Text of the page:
Top juniors compete, learn at Race Simulation Camp

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TORONTO – Some of Canada’s top junior swimmers are gathered in Toronto this week for the Swimming Canada Race Simulation Camp.

The camp brings 10 males and 10 females ages 14 to 17 to the new Toronto Pan Am Sports Centre for an intensive week of training. But in addition to pool and dryland training, the swimmers are getting up on the blocks and racing each day.

The new pool’s timing system is being used and the camp is meant to have a competitive meet feel to it.

“We’re practising racing in season, something that we’re trying to encourage Canadians to do a little bit more diligently and a little bit more consistently through all the training programs,” said National Development Coach Ken McKinnon, who is overseeing the camp.

The swimmers are in the pool for two training sessions most days, with racing as part of each session over a four-day “meet” from Tuesday through Friday.

“The camp is a really ambitious camp for a number of reasons,” McKinnon said. “It’s about not compromising your training in order to race while you’re in an in-season template. What we’ve noticed in the country is we have a little bit more of that going on than we should. In-season compromising like taking a workout off or a morning off or resting a little bit into a non-significant meet in the early season. It’s going to cost you in the end. That compromise you make in October, November, December, January is going to cot you in the accumulation of training time and training effort as you go into your major peak.”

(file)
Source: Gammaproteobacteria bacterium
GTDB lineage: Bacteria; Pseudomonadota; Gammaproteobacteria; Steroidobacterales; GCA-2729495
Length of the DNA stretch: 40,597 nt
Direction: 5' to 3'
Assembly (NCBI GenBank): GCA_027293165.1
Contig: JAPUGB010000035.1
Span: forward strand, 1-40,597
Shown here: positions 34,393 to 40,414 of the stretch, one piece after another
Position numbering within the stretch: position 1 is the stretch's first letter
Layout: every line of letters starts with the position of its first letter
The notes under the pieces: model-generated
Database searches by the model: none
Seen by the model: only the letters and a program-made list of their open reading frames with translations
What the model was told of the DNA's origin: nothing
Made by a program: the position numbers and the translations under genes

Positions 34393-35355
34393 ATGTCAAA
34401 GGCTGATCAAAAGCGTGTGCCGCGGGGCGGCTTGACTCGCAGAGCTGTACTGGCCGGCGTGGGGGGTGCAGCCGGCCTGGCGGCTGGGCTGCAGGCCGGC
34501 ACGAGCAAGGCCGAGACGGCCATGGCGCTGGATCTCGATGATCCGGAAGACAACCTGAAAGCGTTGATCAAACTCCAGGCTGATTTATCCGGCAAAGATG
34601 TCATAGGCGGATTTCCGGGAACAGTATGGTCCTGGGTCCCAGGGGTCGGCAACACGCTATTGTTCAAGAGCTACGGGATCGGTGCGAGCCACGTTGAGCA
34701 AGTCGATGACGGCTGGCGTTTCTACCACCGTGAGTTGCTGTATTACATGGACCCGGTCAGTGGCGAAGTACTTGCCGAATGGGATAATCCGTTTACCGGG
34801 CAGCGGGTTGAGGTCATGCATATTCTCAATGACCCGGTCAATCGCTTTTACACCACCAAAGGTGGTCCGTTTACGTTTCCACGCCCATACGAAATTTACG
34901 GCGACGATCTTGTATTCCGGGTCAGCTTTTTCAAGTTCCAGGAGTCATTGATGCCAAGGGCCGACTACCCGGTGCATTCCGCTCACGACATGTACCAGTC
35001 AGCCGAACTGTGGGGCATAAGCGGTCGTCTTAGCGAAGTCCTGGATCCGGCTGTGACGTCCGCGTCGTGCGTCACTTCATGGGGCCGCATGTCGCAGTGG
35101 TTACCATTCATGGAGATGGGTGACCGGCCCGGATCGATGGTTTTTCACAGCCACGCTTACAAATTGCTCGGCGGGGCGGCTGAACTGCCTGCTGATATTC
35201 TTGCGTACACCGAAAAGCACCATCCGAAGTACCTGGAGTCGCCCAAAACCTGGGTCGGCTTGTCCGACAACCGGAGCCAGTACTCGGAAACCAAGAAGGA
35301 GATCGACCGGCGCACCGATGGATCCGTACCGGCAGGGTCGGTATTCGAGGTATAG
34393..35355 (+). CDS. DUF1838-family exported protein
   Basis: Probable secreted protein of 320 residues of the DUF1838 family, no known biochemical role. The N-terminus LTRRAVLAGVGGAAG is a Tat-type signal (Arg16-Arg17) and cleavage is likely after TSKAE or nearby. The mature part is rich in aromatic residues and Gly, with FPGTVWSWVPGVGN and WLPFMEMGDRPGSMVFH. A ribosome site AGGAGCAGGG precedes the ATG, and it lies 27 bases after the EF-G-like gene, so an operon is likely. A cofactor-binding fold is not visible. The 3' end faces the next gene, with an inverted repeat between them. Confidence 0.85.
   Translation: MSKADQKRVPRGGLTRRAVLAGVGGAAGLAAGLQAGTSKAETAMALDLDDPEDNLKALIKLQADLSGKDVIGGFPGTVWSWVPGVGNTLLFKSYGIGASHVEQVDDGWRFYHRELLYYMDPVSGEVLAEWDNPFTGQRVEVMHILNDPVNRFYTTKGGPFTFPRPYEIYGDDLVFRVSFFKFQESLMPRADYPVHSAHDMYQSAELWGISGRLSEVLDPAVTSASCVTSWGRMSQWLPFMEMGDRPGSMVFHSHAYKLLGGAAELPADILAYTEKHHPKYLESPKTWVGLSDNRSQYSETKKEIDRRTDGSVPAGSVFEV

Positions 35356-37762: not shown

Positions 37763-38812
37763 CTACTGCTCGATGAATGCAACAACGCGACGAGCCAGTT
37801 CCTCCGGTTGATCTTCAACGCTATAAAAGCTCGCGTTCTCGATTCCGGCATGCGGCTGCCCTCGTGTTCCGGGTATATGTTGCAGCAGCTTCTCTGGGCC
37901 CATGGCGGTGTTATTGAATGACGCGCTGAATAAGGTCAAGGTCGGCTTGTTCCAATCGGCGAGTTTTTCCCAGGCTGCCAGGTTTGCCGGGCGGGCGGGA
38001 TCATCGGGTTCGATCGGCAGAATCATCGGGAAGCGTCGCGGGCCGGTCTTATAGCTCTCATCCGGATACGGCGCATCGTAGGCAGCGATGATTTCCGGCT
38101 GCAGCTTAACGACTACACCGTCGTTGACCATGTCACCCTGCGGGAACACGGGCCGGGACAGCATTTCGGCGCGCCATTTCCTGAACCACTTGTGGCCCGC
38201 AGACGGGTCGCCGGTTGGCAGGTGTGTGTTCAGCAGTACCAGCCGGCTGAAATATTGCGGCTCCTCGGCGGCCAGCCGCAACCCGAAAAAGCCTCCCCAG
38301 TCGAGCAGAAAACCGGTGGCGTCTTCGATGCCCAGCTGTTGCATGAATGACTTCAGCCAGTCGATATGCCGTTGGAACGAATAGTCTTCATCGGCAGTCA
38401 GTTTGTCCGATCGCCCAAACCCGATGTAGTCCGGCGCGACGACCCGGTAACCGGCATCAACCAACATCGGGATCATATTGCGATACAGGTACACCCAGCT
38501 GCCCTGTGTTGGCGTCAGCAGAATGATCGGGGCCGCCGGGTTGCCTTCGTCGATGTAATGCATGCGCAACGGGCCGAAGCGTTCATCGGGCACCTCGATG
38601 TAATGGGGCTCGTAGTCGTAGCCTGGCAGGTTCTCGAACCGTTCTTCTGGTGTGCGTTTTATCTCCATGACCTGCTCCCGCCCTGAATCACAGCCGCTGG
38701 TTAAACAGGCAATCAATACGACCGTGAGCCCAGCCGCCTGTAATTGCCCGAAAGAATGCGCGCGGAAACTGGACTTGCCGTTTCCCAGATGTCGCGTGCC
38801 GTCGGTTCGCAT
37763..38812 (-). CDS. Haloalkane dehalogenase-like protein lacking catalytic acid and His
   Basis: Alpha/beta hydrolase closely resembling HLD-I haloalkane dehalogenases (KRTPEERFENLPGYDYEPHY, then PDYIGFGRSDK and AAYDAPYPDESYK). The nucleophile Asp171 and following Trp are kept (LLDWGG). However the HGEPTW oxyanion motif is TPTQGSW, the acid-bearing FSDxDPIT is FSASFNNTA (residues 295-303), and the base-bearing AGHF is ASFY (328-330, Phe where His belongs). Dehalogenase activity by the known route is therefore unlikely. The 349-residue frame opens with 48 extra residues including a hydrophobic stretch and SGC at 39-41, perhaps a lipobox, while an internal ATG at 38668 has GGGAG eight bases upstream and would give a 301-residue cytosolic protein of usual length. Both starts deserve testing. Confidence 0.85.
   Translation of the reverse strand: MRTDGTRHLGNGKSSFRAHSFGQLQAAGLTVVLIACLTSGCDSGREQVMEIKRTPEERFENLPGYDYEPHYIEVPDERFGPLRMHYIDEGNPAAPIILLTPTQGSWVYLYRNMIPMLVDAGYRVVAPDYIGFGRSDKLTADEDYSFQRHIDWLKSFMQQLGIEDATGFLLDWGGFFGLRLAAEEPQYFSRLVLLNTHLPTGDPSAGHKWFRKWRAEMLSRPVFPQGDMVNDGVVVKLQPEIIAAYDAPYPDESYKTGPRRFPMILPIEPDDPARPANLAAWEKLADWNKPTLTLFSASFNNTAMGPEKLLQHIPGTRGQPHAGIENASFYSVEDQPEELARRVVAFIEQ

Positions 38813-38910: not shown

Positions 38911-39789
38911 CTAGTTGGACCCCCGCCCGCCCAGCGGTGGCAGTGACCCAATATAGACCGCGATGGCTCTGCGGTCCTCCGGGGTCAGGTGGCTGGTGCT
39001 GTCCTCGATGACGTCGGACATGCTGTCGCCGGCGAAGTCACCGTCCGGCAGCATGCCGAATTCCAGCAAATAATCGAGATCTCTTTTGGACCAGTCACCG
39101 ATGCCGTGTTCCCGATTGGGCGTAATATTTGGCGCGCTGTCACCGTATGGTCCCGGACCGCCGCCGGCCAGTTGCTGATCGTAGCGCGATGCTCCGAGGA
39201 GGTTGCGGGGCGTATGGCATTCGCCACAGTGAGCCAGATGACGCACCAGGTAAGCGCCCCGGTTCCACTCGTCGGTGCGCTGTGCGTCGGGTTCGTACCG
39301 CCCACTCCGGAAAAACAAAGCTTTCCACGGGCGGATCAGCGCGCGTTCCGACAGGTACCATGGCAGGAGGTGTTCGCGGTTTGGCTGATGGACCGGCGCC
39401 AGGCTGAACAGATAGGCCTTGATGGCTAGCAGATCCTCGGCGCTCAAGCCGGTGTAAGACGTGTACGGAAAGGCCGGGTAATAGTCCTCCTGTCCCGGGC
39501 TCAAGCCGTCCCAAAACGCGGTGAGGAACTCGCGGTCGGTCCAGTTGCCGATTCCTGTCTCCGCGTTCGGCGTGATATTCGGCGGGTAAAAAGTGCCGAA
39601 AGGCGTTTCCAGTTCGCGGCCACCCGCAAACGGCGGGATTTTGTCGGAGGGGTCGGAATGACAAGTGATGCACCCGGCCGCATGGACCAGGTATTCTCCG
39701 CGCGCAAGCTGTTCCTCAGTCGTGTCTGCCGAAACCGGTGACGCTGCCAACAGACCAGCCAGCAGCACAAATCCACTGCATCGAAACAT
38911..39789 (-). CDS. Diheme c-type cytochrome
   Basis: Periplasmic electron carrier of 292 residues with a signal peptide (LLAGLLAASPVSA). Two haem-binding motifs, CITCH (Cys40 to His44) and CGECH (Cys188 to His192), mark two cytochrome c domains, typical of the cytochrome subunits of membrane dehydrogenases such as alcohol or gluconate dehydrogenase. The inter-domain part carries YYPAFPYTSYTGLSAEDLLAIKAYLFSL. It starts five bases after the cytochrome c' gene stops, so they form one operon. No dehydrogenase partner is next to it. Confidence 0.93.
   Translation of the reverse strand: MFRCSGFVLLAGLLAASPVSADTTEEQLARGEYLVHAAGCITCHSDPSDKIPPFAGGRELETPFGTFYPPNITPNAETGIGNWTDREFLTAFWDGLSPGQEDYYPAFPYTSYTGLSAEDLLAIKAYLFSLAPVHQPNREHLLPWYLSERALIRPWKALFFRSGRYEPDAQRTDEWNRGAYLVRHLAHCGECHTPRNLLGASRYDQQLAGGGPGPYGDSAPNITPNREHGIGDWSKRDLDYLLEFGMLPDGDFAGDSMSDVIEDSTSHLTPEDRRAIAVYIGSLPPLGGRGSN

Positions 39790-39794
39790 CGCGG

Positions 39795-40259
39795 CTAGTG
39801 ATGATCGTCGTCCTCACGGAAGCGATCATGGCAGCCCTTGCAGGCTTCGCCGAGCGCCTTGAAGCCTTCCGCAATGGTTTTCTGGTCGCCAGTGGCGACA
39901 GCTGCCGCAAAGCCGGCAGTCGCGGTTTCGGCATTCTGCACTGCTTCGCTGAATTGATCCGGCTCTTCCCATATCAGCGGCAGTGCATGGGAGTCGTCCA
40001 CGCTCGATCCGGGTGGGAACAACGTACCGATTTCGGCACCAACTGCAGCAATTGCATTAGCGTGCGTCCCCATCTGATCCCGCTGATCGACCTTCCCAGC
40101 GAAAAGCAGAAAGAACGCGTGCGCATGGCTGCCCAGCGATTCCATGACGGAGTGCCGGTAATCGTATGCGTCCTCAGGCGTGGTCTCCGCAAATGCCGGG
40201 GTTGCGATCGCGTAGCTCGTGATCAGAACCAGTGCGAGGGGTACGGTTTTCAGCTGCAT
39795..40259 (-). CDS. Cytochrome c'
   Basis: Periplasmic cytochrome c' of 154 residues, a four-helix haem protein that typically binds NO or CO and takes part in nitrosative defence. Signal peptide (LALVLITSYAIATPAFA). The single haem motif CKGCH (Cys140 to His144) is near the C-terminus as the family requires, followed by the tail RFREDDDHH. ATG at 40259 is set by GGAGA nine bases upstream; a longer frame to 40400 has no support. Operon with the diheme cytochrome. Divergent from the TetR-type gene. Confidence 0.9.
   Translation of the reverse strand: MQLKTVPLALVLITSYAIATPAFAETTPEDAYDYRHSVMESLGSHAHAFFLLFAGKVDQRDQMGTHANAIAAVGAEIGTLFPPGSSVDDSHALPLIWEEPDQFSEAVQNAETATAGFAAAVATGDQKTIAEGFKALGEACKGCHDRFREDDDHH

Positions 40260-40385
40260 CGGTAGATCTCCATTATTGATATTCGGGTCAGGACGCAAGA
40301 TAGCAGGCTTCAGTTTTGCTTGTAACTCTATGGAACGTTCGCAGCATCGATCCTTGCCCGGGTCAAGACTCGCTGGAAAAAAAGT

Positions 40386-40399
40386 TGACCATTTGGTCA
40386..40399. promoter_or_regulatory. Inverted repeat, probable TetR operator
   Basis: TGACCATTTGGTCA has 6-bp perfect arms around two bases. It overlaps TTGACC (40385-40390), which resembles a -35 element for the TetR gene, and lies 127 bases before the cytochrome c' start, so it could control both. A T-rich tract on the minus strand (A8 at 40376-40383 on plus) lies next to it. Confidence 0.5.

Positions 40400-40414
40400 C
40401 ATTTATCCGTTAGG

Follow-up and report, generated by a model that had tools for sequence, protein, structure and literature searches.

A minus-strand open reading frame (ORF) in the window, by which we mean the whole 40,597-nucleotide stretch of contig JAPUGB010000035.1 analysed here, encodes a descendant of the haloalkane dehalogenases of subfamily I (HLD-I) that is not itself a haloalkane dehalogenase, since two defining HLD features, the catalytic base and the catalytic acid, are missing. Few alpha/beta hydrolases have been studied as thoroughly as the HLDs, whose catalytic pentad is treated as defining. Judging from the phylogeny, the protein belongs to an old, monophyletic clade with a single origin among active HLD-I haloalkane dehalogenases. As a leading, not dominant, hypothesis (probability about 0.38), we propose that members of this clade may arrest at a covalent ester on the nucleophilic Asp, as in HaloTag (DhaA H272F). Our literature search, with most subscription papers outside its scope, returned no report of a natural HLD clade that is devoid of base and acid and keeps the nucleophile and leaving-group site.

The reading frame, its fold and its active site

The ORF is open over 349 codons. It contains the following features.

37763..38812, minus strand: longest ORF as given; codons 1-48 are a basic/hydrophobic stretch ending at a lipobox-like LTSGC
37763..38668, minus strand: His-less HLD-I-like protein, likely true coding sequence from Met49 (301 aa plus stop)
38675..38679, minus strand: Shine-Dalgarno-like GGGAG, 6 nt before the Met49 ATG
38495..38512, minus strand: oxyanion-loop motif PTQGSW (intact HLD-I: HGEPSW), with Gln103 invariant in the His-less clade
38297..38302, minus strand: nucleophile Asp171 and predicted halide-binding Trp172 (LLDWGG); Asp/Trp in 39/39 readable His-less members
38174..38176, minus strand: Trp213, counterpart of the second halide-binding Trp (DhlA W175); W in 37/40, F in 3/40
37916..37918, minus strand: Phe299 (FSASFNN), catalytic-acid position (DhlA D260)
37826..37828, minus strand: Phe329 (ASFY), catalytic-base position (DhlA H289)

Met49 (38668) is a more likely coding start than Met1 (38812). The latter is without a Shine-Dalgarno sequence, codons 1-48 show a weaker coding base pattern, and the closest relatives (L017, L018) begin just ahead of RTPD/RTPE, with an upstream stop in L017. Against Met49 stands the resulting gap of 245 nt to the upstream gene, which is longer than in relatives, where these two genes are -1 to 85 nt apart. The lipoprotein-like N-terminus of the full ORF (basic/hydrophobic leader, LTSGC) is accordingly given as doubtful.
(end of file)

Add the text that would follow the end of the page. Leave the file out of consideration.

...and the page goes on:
The 20 swimmers are “a really good group,” McKinnon says are on track as hopefuls for the 2015 FINA World Junior Championships in Singapore next September.

Of course, with the Pan Am Games set for Toronto, some of the swimmers also have dreams of cracking the senior national team and representing Canada on home soil.

“I really want to make 2015 Pan Am Games and 2016 Olympic Games,” said Javier Acevedo, whose Scarborough home is just a few minutes away. “I feel like I’m prepared already, I just need to keep working hard until (the Canadian Swimming Trials in ) April and then by April we’ll know if I’m on a junior team or a senior team.”

Fellow Ontarian Danielle Hanus of Newmarket said she also has the Pan Am Games in the back of her mind. This camp is just another step on the road to representing Canada at the highest level, and the participants will be working to ensure every minute counts before the camp wraps up Saturday morning.

“You have to listen, learn and work with others to become better within your sport,” Hanus said. “It’s going to be a lot of fun, it’s something different than I’ve ever experienced.”

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